Everything Under the Sun
Cirque du Soleil's International Headquarters in Montreal is the birthplace of every show.
What the company's 15 shows all have in common, besides their breathtaking acts of daring-do, is Cirque's International Headquarters (IHQ) building in the decidedly unglamorous Saint Michel section of Montreal, Canada, an area once home to a former quarry and waste disposal center. The company, which was originally based in Quebec City, selected the location in order to help the depressed area's revitalization and to give something back to the Montreal community. Every show is created at the IHQ, which was first constructed in 1997 and later expanded in 2001 and then again earlier this year. Neither the complex's grandiosity nor the company's popularity could ever have been envisioned when it first put up a modest street circus in Quebec way back in 1984. (The headquarters' street address, 8400 Second Avenue, was specifically chosen to honor the year of creation.)
This multi-floor complex, where approximately 1,700 employees come to work each day, features a ton of amenities and special features, including multiple cafeterias with a variety of international foods on tap, a trophy case to display the dozens of awards bestowed upon the company, a beautifully-landscaped outdoor area where vegetables are grown and films are sometimes screened, and even a gift shop open to employees and visitors. There are also dormitories right across the street to house the artists who are training to be part of the company's acrobatics extravaganzas; and the complex also houses the company's own water filtration system. It's truly a small world unto itself.
Wandering the complex, one constantly passes extremely athletic-looking men and women, which is no surprise since every artist who is hired by Cirque -- including potential hires -- must come to the complex for training, sometimes for as long as two months. General training, which consists of gymnastic and acrobatic classes, is held in an enormous room with the dimensions of a big top, including ceilings that are nearly 75-feet high, perfect for trapeze work.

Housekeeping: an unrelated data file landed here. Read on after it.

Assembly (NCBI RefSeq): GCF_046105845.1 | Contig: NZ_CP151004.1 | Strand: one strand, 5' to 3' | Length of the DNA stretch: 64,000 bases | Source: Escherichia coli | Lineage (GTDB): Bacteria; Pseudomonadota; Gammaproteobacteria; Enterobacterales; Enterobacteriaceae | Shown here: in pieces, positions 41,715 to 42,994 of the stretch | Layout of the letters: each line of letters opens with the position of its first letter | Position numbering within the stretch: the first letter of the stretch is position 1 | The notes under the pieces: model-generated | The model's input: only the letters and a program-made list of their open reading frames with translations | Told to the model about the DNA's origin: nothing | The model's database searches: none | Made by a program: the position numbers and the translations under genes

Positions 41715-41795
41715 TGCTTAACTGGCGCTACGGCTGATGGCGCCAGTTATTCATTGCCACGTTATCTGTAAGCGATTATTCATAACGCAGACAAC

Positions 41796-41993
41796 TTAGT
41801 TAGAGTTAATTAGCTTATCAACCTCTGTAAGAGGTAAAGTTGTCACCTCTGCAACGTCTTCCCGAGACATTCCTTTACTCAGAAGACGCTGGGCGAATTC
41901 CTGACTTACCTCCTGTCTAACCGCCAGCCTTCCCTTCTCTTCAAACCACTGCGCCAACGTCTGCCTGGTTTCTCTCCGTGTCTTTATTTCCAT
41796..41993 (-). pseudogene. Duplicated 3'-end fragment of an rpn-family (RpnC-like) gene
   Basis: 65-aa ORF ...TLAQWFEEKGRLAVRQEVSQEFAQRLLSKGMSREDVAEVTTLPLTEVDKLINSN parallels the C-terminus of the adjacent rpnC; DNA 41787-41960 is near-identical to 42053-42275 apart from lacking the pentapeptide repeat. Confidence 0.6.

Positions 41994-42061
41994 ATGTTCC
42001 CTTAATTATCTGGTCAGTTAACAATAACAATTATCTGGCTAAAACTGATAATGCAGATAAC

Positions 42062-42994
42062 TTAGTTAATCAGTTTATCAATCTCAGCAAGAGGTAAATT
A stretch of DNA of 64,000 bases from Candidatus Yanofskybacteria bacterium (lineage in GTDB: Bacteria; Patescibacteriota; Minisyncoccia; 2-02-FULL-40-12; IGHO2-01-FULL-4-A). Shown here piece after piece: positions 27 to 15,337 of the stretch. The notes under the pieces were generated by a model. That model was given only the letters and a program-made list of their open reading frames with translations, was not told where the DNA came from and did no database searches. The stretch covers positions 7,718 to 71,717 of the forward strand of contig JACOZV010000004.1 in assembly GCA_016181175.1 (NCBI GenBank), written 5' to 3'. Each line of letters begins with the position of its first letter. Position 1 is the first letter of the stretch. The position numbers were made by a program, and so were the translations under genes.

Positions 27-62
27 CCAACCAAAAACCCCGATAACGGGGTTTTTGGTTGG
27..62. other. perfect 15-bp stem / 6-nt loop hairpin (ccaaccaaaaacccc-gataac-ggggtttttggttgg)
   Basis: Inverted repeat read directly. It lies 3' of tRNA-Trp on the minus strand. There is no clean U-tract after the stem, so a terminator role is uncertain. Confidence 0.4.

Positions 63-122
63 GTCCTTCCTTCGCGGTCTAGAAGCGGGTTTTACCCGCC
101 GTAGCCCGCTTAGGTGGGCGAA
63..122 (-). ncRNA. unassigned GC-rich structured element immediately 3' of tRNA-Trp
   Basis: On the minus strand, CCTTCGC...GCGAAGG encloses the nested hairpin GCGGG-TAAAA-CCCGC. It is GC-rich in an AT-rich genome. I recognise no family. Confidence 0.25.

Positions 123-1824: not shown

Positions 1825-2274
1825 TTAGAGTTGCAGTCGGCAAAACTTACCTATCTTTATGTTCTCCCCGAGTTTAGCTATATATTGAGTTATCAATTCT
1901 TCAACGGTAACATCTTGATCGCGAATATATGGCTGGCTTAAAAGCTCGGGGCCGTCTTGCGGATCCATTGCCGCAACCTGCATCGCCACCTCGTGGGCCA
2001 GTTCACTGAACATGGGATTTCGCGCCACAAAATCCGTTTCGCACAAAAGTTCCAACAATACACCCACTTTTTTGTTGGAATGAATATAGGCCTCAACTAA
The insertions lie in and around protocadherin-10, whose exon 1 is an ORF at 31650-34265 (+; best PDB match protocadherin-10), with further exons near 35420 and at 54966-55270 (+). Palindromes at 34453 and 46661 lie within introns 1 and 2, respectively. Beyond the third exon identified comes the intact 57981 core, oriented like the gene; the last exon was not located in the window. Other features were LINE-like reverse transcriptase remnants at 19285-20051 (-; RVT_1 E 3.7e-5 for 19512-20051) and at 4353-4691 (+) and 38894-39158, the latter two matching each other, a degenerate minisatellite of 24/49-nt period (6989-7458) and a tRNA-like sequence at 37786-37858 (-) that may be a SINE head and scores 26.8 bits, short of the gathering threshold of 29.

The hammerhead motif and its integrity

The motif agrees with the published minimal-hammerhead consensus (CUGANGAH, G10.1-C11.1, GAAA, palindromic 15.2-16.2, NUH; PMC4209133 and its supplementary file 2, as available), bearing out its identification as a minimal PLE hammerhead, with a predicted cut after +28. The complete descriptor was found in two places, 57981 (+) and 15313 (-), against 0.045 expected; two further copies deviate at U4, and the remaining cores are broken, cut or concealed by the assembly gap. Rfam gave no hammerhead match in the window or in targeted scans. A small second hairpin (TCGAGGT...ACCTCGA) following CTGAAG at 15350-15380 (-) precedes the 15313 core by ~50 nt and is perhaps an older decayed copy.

At the same time, performers who are going into both new and existing shows can be found throughout the headquarters learning their specific acts, going over the smallest move over and over again. These talented men and women can often be found in the complex's other practice studios, including one that contains a pit filled with 25,000 Styrofoam cubes instead of a net.
Performer training isn't limited to back-flips and high jumps. Since all Cirque performers put on their own makeup on the road, they must learn how to create the elaborately painted-on faces that are a signature aspect of the company. Books with each look, complete with step-by-step instructions, are kept at the complex (and copies of those instructions go on the road as well). By the end of training, a two-hour process has often been reduced to a mere 30 or 45 minutes.
An even more peculiar rite of passage for the company's performers is having a mold made of one's head to facilitate the making of wigs, hats, and hairpieces. While it takes 40 minutes to make a mold, it can take up to three weeks to make just one wig. A display of molds from performers throughout the years is exhibited on one of the upstairs floors of the complex, and it's simultaneously fascinating and creepy.
Anyone who wants to learn about how to organize their home closet would be wise to stop into the ateliers, where every costume, set, and prop for the company's shows are properly stored and labeled -- a task that's vital since they will need to be refurbished or recreated periodically.